Jocelyn Skolnik came to the United States from Guatemala in 2003, a brave 18-year-old on an international student’s visa. She came to study political science at Florida Atlantic University’s Wilkes Honors College. Today, Skolnik, 30, is the executive director of El Sol, a successful, innovative neighborhood resource center for immigrants in Jupiter. [emphasis added]
Soon after she arrived at FAU, Skolnik met her adviser, Dr. Timothy Steigenga, a political science professor and department chairman whose research focuses on religion and politics in Latin America. Steigenga recruited her to work on a survey of the local, largely Guatemalan, immigrant population in Jupiter.
Sometimes the right thing to do is to refer people to existing programs, Skolnik said, but educating people about available services was another challenge. But every time El Sol solved someone’s problem, word spread. “They started trusting the center,” Skolnik said, and the community did, too.[and. . .]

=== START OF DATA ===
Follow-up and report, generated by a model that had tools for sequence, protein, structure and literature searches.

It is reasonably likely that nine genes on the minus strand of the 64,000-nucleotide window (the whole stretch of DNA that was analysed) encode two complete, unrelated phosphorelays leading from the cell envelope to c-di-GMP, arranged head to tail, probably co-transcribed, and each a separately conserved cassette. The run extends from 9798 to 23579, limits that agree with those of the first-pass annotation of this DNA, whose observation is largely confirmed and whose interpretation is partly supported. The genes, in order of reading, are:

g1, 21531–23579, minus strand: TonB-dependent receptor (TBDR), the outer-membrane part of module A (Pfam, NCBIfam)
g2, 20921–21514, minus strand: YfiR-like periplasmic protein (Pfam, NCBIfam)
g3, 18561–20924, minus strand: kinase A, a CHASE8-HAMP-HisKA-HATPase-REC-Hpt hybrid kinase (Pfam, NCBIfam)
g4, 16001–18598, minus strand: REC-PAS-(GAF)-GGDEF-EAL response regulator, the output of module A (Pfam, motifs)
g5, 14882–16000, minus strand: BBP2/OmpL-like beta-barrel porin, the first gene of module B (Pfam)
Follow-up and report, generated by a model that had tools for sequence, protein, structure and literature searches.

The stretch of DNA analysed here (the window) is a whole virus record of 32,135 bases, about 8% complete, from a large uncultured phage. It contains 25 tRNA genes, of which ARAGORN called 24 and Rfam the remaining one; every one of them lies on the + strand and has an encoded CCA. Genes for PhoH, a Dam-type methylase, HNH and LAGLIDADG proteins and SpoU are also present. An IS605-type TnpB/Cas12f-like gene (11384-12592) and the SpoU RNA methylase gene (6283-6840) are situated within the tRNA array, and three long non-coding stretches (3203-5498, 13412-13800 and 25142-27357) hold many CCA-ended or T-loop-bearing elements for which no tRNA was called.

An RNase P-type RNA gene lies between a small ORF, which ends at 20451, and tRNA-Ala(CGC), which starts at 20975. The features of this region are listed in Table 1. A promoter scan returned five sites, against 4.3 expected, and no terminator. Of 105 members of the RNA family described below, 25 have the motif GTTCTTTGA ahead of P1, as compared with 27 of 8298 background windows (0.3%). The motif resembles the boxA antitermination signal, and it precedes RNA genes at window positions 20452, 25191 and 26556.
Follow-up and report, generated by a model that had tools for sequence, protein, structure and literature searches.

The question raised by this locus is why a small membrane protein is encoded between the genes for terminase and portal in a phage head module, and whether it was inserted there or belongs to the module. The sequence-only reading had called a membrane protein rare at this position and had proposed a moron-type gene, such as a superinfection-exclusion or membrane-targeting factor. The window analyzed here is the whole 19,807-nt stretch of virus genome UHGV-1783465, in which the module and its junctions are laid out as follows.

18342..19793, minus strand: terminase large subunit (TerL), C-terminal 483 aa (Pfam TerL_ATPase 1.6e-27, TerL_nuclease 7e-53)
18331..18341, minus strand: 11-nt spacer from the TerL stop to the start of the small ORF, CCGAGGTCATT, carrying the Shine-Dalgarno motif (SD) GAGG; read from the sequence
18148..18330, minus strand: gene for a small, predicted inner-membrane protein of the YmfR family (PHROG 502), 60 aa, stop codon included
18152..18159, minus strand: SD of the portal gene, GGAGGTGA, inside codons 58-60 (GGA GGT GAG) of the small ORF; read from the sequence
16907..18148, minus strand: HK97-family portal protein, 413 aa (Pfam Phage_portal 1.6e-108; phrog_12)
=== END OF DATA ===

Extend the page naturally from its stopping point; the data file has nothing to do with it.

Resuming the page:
Skolnik said she’s most proud that her hard work has helped overcome the skepticism and the negative opinions about El Sol. But she doesn’t like taking the credit. Of El Sol’s success, Skolnik said, “I think it’s the people around me. We have some really great leaders in the community who are willing to give support. I just shed light on these needs and people support us.
Jupiter’s unique solution has garnered the town and Skolnik with well-deserved praise. A 2011 New York Times editorial about El Sol said: “Nobody has the one big immigration answer. But Jupiter has an answer.” It called Jupiter “a wise community” and its solution “extraordinary.”Jocelyn Skolnik's approach has been very successful: working with the community, neighborhood associations, and the local municipality to solve problems. If you would like to learn more about El Sol visit their web site and you can learn more about their clinic here.
Then, in 2013, Skolnik was named a Champion of Change by President Barack Obama. The award recognizes individuals who have worked to promote positive change in their communities. She was recognized at a ceremony at the White House.
“I could not believe it,” said Skolnik, who recently moved to Palm Beach Gardens with her husband and 3-year-old daughter. She didn’t even know she’d been nominated. Her family was invited to come to the ceremony. “My father came from Guatemala.”